learnpython.org - an online interactive Python tutorial

Chris Angelico rosuav at gmail.com
Sun Apr 24 03:35:28 CEST 2011


On Sun, Apr 24, 2011 at 10:42 AM, Steven D'Aprano
<steve+comp.lang.python at pearwood.info> wrote:
> This is much like my experience with Apple's Hypertalk, where the only
> data structure is a string. I'm very fond of Hypertalk, but it is hardly
> designed with machine efficiency in mind. If you think Python is slow
> now, imagine how slow it would be if every expression had to be converted
> from a number back into a string, and vice versa, after every operation:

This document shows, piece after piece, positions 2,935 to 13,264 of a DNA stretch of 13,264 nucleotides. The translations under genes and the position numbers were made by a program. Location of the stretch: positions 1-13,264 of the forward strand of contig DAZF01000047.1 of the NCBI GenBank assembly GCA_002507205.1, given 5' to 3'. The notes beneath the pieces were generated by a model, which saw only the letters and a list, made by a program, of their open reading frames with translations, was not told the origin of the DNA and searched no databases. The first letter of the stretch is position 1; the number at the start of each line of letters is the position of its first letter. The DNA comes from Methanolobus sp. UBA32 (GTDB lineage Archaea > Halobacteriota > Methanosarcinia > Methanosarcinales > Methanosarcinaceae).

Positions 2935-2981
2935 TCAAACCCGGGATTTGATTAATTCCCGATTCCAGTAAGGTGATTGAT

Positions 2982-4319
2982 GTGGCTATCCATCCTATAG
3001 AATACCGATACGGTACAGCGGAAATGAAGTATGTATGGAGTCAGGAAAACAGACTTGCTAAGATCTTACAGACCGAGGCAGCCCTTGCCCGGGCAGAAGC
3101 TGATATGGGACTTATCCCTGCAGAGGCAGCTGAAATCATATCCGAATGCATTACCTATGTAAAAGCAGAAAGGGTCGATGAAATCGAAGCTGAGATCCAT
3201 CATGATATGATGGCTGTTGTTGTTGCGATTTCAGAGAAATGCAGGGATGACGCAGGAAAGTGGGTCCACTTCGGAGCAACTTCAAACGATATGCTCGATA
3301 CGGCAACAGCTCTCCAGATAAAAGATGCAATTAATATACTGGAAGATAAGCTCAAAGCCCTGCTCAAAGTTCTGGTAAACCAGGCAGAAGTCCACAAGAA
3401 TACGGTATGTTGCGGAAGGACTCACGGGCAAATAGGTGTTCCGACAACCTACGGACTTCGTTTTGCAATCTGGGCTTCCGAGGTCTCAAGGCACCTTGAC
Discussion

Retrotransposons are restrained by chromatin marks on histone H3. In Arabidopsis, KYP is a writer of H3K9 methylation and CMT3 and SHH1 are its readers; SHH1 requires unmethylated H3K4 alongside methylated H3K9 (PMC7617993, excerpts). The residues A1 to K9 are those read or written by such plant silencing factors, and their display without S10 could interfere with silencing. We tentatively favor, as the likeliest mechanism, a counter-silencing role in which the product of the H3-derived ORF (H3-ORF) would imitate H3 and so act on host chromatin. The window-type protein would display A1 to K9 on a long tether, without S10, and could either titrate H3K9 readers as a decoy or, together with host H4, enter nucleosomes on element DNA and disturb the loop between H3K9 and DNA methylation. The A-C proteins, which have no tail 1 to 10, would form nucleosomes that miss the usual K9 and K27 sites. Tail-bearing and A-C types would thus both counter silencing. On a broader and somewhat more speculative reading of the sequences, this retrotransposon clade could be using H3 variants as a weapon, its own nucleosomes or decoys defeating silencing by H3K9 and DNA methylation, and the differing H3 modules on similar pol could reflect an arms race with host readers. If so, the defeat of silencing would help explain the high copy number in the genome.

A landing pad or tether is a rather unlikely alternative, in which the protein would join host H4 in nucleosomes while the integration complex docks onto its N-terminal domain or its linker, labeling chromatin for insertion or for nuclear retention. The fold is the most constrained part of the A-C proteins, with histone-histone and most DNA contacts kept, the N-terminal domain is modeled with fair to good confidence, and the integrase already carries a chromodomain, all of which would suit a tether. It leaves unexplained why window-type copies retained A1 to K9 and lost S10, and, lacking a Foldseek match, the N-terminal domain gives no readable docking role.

>
> x = str(int("1") + int("2"))
> y = str(int("9")/int("3"))
> z = str(int(x) - int(y))
> flag = str(int(z) == int("0"))
>
> only implicitly, by the interpreter.

Except that it wouldn't bother with a native integer implementation,
would it? With a string-is-bignum system, it could simply do the
arithmetic on the string itself, with no conversions at all.

Re harrismh's code: For that sort of work, I used and still use the
REXXTry program that comes with OS/2 (written, I believe, by Mike
Cowlishaw), with a modified input routine that gives readline-style
capabilities. Dragging this vaguely back on topic, the end result is
rather similar in feel to IDLE or Hilfe (Pike's interactive
interpreter).

Chris Angelico



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